Thursday, 21 July 2011



One night in December 2003 the Americans soldiers made their first visit to our home

As the twenty three year old in charge of the team of go-go-go Rambo wanabees who were sifting through my mother’s sewing and bags of wool twitched and worried, my father sat in the living room in his dishdasha, with a set of worry beads in his hand.

As the girls clothes’ drawers were opened, my father started a conversation with the young boy-man soldier, they chatted I am told for about fifteen minutes, during which my father had gone into his usual educational mode, as it became clear to him that none of these people had a clue about the country they had been sent to “liberate”.

As he talked about history, civilisations and architecture, he jokingly remarked that if they cared to look in the bookcase they would find tourist guides for England, Italy, and Sweden, three countries he had visited, and that maybe the soldiers should have read a tourist guide to Iraq before they came to visit.

If he had had a copy of this guide he may well have given it to them.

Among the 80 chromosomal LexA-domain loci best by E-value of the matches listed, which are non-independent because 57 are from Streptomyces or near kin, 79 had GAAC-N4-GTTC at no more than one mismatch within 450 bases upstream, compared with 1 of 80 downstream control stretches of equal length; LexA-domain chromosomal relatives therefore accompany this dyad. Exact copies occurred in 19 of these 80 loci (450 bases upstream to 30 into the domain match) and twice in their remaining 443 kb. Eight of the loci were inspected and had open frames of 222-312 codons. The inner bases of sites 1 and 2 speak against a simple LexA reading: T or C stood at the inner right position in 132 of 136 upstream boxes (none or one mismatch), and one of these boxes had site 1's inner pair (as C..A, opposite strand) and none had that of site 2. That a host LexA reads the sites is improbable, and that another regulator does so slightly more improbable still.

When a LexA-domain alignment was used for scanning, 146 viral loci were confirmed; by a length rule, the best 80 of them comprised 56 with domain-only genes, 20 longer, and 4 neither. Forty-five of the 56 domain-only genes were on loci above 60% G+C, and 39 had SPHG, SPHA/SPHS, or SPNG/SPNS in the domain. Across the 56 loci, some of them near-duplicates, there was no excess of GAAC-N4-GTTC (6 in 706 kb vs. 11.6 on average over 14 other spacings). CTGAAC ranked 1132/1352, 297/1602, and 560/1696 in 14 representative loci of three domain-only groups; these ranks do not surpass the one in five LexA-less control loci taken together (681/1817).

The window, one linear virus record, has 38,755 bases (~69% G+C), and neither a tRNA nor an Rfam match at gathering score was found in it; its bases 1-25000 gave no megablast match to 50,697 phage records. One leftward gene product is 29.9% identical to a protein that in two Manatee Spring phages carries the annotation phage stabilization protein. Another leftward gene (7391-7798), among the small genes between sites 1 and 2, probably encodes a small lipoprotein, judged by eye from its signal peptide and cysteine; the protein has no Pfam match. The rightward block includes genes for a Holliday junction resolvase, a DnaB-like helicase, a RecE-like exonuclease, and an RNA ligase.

The pictures are of another Iraq, an Iraq offering non-religious tourism.
What I have not included in this little compilation is the final several pages, of usual guide book information covering details of the local currency, the electric current, the water supply and telephone numbers (old style landlines) for cinemas, theatres, nightclubs, hotels, swimming pools, as well as hospitals, clinics and pharmacies.

For those Iraqis lucky enough to have access to this medium, but unlucky enough to have missed out on these sites (or indeed services) before they were “liberated” I offer you an extract from a tourist’s guide published in Iraq 1982.

And to any foreigners thinking of visiting, don’t bother; there is very little left to see and in most of the country you are no longer welcome.


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